Hey!! Stop what you're doing! You're not going to find that Arcade Fire live bootleg today, you're not going to stumble across the b-side to "Hand In Glove", and you're not going to find the unreleased Pixies album.
If you have the right to vote in the US election then find your nearest polling place and get prepared to vote. Tell your friends to vote, tell your enemies for that matter. But just vote.
I am not an American citizen, but I will be calling and emailing all my American friends to make sure they plan on voting. Participation is crucial. The decision of the American public will affect each and every one of us. I don't care who you vote for, all I am asking is that you exercise your democratic right to have your opinion counted. I want to believe that your new president is the choice of the majority and is not elected as a result of low voter turnout.
And since this is an mp3blog we've added a song or two as well.
Vote by Chris Stamey w/Yo La Tengo
Get Out And Vote On November 2nd. Regular Blogging Will Commence On November 3rd.
Music Bloggers For Democracy
and everyone that has agreed to post
the big ticket
last sound of summer
Pregnant without intercourse
Bars and guitars
Teaching the Indie Kids to Dance Again
I must admit that, with the exception of Stan and Lose Yourself, I’ve never been a huge fan of Eminem’s work. But this slow-burn anti-Bush track, released just in time for the US elections, is one of the most potent pieces of agit-prop hip hop that I’ve heard/seen in a while. (I say seen because you really have to see the video that was made for it.) Daily Kos has posted a link to a stream of the video (but it seems to be faltering under the weight of demand)… So, here’s a fansite with streamed videos in a variety of formats and an mp3 of the song.
(STOP PRESS: Apparently, there's a Bit Torrent of the video at this site.)
This is just so fucking sad… John Peel was responsible for the greatest moment in my brief musical career, when he invited the band I was playing bass for to record a Peel Session back in the early 90’s... At the time, it was almost beyond belief to me… We were a bunch of Antipodean nobodies who were struggling to get headlining gigs, and here was the great man giving us the nod of approval and letting us record in a BBC studio that had once been graced by the Beatles… It was an honour that just seemed undeserved, and something I will be forever indebted to him for…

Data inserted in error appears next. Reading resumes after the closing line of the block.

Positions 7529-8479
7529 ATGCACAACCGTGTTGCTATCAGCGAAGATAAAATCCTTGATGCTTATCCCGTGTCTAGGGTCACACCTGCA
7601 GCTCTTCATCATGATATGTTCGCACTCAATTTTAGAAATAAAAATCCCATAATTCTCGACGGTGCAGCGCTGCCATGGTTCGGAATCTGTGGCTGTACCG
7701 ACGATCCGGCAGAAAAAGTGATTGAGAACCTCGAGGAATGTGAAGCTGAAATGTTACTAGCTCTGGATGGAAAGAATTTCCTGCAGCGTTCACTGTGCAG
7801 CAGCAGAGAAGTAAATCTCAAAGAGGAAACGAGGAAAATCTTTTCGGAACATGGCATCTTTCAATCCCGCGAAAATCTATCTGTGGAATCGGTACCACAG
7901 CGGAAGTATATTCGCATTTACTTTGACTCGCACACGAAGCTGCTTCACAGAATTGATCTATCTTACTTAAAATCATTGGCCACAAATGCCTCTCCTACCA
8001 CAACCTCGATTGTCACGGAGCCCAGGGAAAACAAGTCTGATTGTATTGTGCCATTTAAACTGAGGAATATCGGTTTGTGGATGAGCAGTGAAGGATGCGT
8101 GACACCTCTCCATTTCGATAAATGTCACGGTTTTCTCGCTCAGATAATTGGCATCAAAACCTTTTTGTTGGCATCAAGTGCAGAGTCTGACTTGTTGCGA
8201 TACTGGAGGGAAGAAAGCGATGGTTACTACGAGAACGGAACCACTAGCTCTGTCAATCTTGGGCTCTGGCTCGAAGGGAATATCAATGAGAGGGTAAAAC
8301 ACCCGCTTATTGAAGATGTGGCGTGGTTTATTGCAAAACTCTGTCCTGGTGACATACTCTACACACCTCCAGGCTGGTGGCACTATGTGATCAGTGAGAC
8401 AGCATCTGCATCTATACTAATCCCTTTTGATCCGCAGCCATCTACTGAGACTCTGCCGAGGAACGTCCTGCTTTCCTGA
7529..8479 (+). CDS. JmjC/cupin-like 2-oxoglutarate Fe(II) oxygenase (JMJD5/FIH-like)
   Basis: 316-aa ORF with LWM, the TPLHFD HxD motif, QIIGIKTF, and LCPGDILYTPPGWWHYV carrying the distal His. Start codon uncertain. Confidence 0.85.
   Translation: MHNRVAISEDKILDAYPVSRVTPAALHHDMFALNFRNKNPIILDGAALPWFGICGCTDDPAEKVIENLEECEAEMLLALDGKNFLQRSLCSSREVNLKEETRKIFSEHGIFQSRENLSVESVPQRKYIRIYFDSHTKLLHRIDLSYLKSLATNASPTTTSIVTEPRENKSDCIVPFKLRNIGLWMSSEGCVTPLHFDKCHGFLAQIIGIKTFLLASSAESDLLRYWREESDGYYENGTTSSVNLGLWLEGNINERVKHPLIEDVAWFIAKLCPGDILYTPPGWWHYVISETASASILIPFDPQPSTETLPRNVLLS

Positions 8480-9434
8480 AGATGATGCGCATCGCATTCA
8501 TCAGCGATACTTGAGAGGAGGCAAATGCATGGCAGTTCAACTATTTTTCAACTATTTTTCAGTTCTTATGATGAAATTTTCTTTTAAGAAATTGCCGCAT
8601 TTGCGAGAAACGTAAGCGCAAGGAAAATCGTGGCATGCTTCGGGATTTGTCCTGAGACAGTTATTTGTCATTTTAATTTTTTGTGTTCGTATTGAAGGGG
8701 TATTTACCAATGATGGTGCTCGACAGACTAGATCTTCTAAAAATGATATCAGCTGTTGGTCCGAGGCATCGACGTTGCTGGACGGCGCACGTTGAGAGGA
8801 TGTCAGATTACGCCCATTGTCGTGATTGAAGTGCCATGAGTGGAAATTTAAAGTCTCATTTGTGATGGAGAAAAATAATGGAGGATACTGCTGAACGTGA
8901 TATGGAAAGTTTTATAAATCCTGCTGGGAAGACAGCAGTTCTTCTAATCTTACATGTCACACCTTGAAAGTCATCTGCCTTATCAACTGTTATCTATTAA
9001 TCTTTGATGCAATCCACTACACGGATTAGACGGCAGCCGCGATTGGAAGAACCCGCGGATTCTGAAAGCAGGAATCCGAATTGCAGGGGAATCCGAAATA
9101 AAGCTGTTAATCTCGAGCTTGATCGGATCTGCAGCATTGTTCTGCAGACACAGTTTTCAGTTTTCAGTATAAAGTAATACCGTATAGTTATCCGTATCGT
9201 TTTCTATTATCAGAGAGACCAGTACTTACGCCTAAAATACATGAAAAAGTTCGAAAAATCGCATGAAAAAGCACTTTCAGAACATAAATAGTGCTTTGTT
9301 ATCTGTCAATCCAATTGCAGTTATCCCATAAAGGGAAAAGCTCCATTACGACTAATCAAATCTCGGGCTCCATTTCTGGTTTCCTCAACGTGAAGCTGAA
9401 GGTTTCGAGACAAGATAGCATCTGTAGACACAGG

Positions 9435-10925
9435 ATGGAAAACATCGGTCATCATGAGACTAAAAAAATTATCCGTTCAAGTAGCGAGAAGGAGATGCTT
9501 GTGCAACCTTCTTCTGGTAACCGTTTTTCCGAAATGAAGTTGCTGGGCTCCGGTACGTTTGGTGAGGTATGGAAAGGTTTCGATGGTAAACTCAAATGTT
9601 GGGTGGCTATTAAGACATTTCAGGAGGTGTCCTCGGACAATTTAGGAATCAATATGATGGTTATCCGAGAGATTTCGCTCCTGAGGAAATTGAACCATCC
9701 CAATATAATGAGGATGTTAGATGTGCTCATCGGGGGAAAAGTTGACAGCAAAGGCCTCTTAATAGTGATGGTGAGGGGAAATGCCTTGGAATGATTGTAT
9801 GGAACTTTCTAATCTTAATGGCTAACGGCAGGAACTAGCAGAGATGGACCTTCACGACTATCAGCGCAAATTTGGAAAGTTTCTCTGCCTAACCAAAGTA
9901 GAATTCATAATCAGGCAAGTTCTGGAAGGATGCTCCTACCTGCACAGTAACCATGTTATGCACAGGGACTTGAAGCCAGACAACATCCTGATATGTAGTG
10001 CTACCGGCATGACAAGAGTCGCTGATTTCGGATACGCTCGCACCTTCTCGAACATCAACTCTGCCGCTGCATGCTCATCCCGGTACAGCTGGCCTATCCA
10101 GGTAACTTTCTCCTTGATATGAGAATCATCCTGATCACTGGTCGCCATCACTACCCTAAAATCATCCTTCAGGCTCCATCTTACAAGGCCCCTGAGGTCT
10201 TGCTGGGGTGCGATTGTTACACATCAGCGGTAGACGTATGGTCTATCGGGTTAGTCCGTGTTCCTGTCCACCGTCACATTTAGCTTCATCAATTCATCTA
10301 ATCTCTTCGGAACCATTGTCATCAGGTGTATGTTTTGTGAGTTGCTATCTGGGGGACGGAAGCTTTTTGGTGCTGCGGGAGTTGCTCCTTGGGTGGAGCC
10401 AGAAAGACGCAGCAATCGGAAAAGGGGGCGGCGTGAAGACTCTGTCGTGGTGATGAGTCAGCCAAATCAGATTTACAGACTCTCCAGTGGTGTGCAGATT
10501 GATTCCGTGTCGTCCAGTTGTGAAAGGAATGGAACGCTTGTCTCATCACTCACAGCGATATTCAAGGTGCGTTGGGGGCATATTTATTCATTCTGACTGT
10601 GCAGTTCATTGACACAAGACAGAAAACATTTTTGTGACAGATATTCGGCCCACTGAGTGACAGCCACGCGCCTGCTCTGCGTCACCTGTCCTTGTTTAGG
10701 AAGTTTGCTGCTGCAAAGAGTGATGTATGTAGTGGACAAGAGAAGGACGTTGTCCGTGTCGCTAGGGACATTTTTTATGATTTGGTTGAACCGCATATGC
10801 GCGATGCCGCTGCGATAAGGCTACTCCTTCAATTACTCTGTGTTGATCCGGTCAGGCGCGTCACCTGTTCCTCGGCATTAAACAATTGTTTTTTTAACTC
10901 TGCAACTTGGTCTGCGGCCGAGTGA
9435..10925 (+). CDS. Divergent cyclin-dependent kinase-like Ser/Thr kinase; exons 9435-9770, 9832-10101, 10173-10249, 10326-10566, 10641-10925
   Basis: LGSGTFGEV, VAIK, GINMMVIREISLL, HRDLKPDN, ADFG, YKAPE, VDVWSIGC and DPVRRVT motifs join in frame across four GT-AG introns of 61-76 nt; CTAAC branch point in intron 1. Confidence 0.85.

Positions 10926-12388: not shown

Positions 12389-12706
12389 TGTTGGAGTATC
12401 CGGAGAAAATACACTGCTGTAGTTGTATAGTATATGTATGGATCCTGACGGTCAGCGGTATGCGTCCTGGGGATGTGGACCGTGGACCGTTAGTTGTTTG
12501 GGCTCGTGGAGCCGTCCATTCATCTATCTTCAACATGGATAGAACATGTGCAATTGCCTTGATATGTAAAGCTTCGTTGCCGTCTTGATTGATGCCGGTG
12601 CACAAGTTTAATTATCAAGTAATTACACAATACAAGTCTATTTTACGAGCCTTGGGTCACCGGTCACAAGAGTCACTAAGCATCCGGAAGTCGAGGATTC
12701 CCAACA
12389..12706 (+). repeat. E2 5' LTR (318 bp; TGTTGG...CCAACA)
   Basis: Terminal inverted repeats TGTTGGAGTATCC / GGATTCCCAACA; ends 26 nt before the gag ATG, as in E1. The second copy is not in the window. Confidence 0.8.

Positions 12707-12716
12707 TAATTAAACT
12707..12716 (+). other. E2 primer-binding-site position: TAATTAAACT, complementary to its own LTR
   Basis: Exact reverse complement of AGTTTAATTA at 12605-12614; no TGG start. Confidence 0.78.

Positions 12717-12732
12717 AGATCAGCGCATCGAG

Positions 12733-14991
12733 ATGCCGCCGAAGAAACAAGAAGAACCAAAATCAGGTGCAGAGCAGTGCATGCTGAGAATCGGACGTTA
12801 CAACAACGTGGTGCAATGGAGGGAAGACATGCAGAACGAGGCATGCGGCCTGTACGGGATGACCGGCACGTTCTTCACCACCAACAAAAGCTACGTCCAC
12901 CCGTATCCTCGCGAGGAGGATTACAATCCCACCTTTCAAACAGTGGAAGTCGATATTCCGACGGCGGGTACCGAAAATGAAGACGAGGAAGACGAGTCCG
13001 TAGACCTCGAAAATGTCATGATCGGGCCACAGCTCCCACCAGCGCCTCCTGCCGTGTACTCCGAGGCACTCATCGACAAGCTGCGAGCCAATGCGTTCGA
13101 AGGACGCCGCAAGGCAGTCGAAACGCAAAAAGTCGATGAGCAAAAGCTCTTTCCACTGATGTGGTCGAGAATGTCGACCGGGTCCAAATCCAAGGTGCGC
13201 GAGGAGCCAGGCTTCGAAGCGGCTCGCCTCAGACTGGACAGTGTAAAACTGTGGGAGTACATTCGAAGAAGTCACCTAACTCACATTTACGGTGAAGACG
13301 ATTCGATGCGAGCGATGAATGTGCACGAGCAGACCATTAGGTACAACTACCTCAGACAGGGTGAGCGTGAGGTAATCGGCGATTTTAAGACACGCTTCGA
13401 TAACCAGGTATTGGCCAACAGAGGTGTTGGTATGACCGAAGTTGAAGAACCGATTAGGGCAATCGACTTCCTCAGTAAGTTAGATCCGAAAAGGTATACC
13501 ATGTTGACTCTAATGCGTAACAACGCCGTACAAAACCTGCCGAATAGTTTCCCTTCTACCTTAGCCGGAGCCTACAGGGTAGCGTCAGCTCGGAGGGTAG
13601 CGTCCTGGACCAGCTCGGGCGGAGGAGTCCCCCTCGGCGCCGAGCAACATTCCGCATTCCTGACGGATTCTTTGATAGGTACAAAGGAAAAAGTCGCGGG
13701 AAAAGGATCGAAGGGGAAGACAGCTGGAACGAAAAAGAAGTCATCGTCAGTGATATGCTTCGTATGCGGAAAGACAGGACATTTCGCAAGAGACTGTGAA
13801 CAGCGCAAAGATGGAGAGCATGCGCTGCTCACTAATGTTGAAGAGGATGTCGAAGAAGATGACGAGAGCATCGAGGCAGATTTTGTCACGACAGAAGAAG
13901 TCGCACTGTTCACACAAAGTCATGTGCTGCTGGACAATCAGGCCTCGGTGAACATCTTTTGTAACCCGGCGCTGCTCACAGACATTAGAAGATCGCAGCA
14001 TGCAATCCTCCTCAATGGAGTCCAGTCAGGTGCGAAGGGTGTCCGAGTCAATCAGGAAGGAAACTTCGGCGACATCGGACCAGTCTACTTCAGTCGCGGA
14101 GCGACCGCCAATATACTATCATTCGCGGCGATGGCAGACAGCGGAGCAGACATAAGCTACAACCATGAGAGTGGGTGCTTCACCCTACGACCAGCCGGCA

To mark his passing, I’m posting this site devoted to mp3s by bands featured on his show since 1992. There are a lot of names that you will probably already know, but please download something from an obscure group you’ve never heard of… Someone who might've regarded it as truly valued recognition that they wouldn’t have got elsewhere…
RIP John Peel… I extend my sympathies to your family… Thank you for all you’ve done for the struggling musicians of this world…
The Wired CD is the first official compilation of musical works released under the new Creative Commons’ Sampling licences. These licences mean that the works can be legally copied and sampled for non-commercial purposes. (In some cases, they can even be sampled for commercial purposes – provided they aren’t used in commercials.) The artists who’ve contributed to it include the Beastie Boys, David Byrne, Matmos, Dan The Automator, Le Tigre, The Rapture, Danger Mouse, Chuck D, Thievery Corporation, Cornelius, Spoon, Zap Mama, DJ Dolores, Paul Westerberg, The Morning Jacket and Gilberto Gil. You can go out and pick it up for free with the November issue of Wired, or alternatively you can download this Bit Torrent. (via Boing Boing)
Tape Findings is a brand new mp3 blog devoted to home recordings and other odd audio cassettes found at thrift stores and garage sales. It kicked off last week with a couple of excerpts from a music class recording, a no-punches-pulled past life psychic reading (forget the usual ego-stroking guff about being an Atlantean high priestess in a past life, the poor subject in this one is told that she was hung as a witch in the early 1800’s!), and a bizarre vision of “grunge music” from 80’s kid cartoon, Teddy Ruxpin…
Continuing on with the experimental instrument theme, here’s Walter Kitundu, a sound artist who specialises in modified turntables. He's constructed turntables that are powered by wind, water, fire, earthquakes and even pigeons, but his most stunning creations have resulted from fusing turntables with traditional stringed instruments like the harp, koto, kora and sarangi. (In these hybrids, the record stylus effectively acts as a "pickup" for the vibrations of the strings.) His website contains images of his many wonderful instruments along with Quicktime clips of some quite lovely jazzy/folktronic music produced on the “workhorse” of the collection, the phonoharp. (via Metafilter)
New Interfaces for Musical Expression is an annual conference where boffins from university media labs around the world deliver papers on current projects and show off all manner of nifty new experimental musical instruments and midi controllers. The website of this year’s conference, which was held in Shizuoka, Japan, has a complete set of the papers, which cover subjects like as optical turntables, eye-movement-triggered music software, Bluetooth-enabled taiko drumsticks, and something called a SillyTone Squish Factory. (Warning: High tech-speak content.) If these become too heavy-going, you can always just head over to the video/image gallery and enjoy clips of some of the performances. These include a laptop and electronic sitar trio (included in highlights clip), a live Gameboy composition, the ever-faithful pairing of violinist Mari Kimura and the GuitarBot, a two-person wind instrument called a Tooka, and Uriko Fujii’s “formula for orgasm between human and technology” which involves hair-bowing and a drum with a burst skin.